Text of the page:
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Dublin: 11°C Wednesday 18 May 2022

Cannabis now the most-used substance in new cases of problem drug use

There has also been an increase in the number of people who are homeless seeking treatment.

Image: Shutterstock/Pe3k

CANNABIS WAS THE most common substance recorded in new cases of treated drug use in Ireland for the period between 2010 and 2016.

That’s according to the latest figures from the National Drug Treatment Reporting System, published today by the Health Research Board.

Opiates (mainly heroin) were the most commonly reported drug – however the proportion of cases treated decreased from 58.1% in 2010 to 47% in 2016.

Cannabis was the second most common drug among those treated, with the proportion of cases who reported use of cannabis increasing from 23% in 2010 to 26.4% in 2016.

Cocaine was the third most common drug reported for the period covered – followed by benzodiazepines and z-drugs. In 2016, 12.3% of cases reported problem cocaine use – the highest proportion since 2010.

The majority of cases (62.7%) reported problem polydrug use – meaning the consumption of various different types of substances, often combined with alcohol.

The data covers people treated in all types of services – including outpatient, inpatient, GPs, those treated in prison and users of low threshold  treatment programmes.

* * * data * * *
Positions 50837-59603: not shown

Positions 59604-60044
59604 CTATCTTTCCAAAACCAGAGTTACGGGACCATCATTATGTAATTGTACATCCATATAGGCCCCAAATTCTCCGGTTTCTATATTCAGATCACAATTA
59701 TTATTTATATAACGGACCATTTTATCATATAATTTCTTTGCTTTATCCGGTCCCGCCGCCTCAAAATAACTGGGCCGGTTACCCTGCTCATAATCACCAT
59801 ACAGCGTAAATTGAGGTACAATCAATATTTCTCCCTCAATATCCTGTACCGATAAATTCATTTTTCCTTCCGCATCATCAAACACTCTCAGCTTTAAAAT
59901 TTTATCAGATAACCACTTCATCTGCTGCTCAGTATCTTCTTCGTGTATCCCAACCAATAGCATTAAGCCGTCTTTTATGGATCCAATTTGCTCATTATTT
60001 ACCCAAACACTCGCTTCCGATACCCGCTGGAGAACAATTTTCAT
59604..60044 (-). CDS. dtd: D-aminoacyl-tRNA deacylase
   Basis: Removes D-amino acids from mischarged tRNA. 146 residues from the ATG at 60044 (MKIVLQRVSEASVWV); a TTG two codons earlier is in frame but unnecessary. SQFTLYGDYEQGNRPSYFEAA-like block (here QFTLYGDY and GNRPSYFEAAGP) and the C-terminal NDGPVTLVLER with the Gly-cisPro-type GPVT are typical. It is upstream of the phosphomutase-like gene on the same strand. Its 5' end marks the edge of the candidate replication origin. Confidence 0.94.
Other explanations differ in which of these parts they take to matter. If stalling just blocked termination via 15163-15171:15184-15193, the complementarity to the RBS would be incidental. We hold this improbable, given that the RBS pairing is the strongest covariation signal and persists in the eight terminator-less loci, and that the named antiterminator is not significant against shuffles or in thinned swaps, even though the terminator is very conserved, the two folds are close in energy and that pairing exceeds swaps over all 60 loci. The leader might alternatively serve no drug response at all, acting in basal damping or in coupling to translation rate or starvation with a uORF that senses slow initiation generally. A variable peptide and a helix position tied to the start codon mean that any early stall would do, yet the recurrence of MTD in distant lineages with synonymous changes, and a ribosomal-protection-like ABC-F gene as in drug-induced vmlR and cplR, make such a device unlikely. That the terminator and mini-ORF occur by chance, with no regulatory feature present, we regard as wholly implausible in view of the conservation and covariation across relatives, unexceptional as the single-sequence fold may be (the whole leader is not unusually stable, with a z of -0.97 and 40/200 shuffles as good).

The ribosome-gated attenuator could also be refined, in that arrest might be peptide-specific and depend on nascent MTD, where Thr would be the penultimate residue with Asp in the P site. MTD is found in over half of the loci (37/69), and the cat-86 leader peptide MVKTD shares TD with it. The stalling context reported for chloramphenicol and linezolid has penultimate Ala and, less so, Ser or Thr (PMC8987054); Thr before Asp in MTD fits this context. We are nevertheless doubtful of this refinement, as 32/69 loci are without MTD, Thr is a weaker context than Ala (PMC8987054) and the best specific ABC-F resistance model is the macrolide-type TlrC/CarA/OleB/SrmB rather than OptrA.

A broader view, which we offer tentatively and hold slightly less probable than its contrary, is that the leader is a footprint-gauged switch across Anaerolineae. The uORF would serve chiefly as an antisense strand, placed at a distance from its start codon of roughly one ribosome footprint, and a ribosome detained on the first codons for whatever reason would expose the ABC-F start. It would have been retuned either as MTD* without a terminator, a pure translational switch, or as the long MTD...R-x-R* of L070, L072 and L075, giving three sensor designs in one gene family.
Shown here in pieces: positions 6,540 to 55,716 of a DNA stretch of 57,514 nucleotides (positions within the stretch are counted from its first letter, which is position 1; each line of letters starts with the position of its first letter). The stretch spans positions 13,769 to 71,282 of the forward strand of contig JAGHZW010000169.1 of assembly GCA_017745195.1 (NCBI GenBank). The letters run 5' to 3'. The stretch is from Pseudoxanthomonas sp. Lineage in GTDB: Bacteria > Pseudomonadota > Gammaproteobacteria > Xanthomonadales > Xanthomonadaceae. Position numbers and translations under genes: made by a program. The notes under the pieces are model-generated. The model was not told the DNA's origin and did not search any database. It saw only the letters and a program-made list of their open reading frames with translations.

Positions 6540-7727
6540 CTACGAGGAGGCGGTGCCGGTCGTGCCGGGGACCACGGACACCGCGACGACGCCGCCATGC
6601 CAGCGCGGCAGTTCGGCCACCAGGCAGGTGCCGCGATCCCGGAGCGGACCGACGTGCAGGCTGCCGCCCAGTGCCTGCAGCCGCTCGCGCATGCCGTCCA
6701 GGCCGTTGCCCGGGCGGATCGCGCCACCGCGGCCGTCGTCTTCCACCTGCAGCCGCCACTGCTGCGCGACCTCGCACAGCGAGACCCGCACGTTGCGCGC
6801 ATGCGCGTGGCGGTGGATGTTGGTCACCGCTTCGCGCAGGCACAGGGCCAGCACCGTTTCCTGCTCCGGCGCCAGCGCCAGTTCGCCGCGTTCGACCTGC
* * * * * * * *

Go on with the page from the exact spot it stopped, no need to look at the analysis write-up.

A total of 63,187 cases of problem drug use were treated in the period covered – increasing from 8,806 in 2010 to 9,227 two years ago.

The median age of cases increased from 28 years in 2010 to 30 in 2016 and the majority of cases – seven in every ten – were male.

The proportion who were homeless increased from just over 5.1% at the start of the decade to 9.6% in 2016.

Merchants Quay Ireland, which provides a drop-in service, Night Café and other supports for people who are homeless and struggling with addiction issues in Dublin, said the housing crisis was exacerbating problem drug use.

“We are deeply concerned to see that the number of people treated for problematic drug use who are homeless has almost doubled in the space of seven years, increasing from 453 people in 2010 up to 886 people in 2016,” CEO of Merchants Quay Ireland Tony Geoghegan said.

“It is clear the housing crisis is exasperating the drug epidemic, and vice versa. Homeless people are becoming entrenched in addiction, and those caught in addiction are being left behind.

The Rebuilding Ireland strategy is failing people with complex needs, and I would urge Minister Murphy to address this issue so that we do not leave people in addiction behind.

The government launched its Rebuilding Ireland housing action plan in 2016. In January the latest progress report on the plan found that it had failed to meet one of its key targets for addressing homelessness – only 208 rapid-build houses were introduced by the end of last year, almost 800 off the target of 1,000.

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